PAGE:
Jallad was one of nearly 180,000 Palestinians who received special permits to enter Israel throughout the month of Ramadan this year.
According to Israel’s office for Coordination of Government Activities in the Territories (COGAT), which issues the entry permits, some 800,000 Palestinians crossed into Israel from the West Bank last Ramadan “for family visits, prayers, and pilgrimage to holy Muslim sites.” The number this year is expected to surpass 1 million.
The change in Israeli policy includes exempting all Palestinians over the age of 60 from entry permits to Israel and allowing all men over 40 to attend Friday prayers in Jerusalem with no need for a permit. Extended family members of Israelis are also allowed to enter, as well as children under the age of 12 accompanied by their parents.
‘The moment I entered Israel I was surprised; I felt like I was in Europe. There’s a total difference between the West Bank and Israel’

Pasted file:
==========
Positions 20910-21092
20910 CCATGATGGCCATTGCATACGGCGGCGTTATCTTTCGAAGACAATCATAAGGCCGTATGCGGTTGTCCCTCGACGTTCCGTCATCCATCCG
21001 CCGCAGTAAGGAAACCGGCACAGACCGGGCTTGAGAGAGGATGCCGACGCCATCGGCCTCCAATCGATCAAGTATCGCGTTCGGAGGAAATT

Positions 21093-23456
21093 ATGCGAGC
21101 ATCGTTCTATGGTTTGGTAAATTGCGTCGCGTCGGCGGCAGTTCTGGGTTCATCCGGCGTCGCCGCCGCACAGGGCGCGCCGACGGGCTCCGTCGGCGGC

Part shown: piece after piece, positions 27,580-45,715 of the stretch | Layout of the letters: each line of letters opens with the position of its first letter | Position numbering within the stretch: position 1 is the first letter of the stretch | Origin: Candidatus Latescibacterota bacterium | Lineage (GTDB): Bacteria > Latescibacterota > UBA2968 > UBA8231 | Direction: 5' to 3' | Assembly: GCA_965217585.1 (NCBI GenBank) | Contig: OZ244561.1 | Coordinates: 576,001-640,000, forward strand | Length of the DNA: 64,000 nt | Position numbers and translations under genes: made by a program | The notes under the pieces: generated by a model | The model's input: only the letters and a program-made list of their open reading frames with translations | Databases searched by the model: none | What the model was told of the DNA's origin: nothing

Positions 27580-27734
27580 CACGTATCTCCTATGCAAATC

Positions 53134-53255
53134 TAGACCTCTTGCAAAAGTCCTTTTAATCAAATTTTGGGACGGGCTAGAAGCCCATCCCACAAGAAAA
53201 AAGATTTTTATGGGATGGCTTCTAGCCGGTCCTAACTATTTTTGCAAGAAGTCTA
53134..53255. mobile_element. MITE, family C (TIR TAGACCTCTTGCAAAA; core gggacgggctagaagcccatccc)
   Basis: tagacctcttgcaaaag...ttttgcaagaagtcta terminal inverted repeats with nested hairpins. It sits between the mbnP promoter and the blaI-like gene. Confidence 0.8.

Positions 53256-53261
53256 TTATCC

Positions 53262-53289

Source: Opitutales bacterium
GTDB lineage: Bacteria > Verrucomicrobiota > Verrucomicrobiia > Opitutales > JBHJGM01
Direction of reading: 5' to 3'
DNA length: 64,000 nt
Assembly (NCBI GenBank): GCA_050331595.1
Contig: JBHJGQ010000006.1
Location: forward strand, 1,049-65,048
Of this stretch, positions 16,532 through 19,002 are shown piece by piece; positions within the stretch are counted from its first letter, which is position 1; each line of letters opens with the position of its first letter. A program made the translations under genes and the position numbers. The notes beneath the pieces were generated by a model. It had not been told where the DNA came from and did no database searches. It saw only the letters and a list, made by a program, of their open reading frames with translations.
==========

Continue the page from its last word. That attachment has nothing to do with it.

COGAT has issued 6,000 daily prayer permits this year; 23,500 permits for Friday prayers; and some 150,000 family visitation permits.
“It is our right to be here just as much as it’s the Jews’ right,” said Atef, 17, who makes his living cutting potatoes into french fries for West Bank restaurants. “Our permit says ‘Israel’ on it. This isn’t Israel, it’s our land. Why should you enjoy yourselves while we can’t?”
Back at the Sheraton beach, Jallad of Tulkarem said that, although his permit required him to return home before 10 p.m. and forbade him to work in Israel, he would like to spend another day or two in Tel Aviv trying to earn some money for the upcoming holiday. As a laborer in Tulkarem, he makes NIS 60 a day ($17), of which he gives NIS 50 ($14) to his family. A friend working as a construction worker in Tel Aviv told him that salaries in “the city that never sleeps” could reach NIS 400 ($113) a day.
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